Friday, May 8, 2009

Spring Returns

In the past week, Ann Arbor has erupted into a verdant sea of nature, made twice as idyllic by the absence of tens of thousands of undergrads. And with that, I feel I should make my long-negligent return to the internet.

I have a lot to show for my absence. I wrote what will be my last academic class paper. This class, which I've probably raved about already, was fantastic. Ostensibly on film historiography, it presented a lot of theory and practice, dos and donts for any type of academic research. The class had 8 students, all of us with historiographic archival projects. Our penultimate and antepenultimate classes were devoted to workshopping our papers, and the last class to general musings about what else we'd like to learn, suggestions for the course, and good cheer- and it was held at a bar. This I approve. And I think the course helped me concretely, not to mention really pushed my research skills. The result, a 54 page paper. A paper I felt invested in, one I hope to convince my committee should be in my dissertation, and one that left me pondering what next. Writing and researching it was hell, hours and hours of microfilms, keeping track of over a hundred film reviews. But it's that energy, that feeling like your writing isn't just an exercise or the final step to dump whatever you've read but a process of continuing discovery.

Also, the end of the semester means grading. You know, I put on three Gene Kelly musicals, and just sat there grading essays until I finished. The exams are the sticking point here. I loved teaching, I loved the engagement with the students. We had plenty of great in-class discussions, and I felt like they not only grasped things, but could offer their own ideas and felt safe and encouraged to do so. That's a major victory. But the exams sink back to mediocrity- playing it safe by regurgitating ideas, convoluted and unengaged writing, and the occasional bizarre leap or interpretation that only builds my excitement for something daring but never delivered. And so I continue mulling over how to design an exam or paper that doesn't just challenge but encourages students to really engage personally. (Actually, I do like much of the exams and the papers, but it needs work as always).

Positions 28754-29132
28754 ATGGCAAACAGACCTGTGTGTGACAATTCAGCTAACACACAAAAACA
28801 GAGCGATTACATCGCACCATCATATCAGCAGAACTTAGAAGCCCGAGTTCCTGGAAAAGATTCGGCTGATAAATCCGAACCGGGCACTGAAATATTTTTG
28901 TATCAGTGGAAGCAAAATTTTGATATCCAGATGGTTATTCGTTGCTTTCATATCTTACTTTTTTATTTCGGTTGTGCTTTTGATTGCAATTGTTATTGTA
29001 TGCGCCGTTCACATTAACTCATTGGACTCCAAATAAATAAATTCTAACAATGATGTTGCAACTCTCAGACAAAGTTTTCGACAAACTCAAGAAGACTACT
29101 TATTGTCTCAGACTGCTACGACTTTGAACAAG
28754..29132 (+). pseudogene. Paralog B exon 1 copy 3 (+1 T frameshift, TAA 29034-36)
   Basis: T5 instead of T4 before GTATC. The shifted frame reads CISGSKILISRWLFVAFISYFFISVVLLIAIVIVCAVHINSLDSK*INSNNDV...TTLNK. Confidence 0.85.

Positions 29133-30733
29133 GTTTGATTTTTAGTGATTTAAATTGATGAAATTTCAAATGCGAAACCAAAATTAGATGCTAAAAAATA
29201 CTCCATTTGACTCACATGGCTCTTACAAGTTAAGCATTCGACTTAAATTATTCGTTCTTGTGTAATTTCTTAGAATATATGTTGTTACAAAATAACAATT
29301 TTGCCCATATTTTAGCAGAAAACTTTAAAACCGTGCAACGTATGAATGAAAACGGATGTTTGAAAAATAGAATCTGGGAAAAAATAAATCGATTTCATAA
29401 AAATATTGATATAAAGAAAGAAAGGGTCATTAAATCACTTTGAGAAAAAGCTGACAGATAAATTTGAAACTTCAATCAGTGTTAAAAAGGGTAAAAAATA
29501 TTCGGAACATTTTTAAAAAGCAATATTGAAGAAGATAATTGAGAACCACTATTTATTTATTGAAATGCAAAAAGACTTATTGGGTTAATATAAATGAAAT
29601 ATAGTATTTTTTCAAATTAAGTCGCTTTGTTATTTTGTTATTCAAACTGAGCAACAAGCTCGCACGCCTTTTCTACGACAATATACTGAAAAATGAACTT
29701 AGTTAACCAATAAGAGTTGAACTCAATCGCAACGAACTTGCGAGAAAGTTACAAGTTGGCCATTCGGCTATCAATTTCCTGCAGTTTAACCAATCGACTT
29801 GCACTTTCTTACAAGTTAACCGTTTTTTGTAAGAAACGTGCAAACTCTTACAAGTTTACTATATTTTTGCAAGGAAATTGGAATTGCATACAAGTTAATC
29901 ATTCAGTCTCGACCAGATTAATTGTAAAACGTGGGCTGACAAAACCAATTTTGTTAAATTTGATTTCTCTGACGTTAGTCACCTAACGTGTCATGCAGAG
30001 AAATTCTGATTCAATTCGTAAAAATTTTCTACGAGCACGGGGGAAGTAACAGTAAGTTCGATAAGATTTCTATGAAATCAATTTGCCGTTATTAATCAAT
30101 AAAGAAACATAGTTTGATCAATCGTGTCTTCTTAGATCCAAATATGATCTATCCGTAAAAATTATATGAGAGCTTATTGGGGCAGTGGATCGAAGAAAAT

But these things are past. It's spring, I can enjoy the weather. I had a lovely lunch today with three of my undergrad friends. And I'm making progress on my first chapter draft, which I started Monday and have found a nice, relaxed, productive pace to start the summer. Later there will be a conference, friends in distant cities, archival moments, and the usual. But for now, it's enough to enjoy that walk to the library through the green campus, and the satisfying walk back in the afternoon and put the computer and books away.


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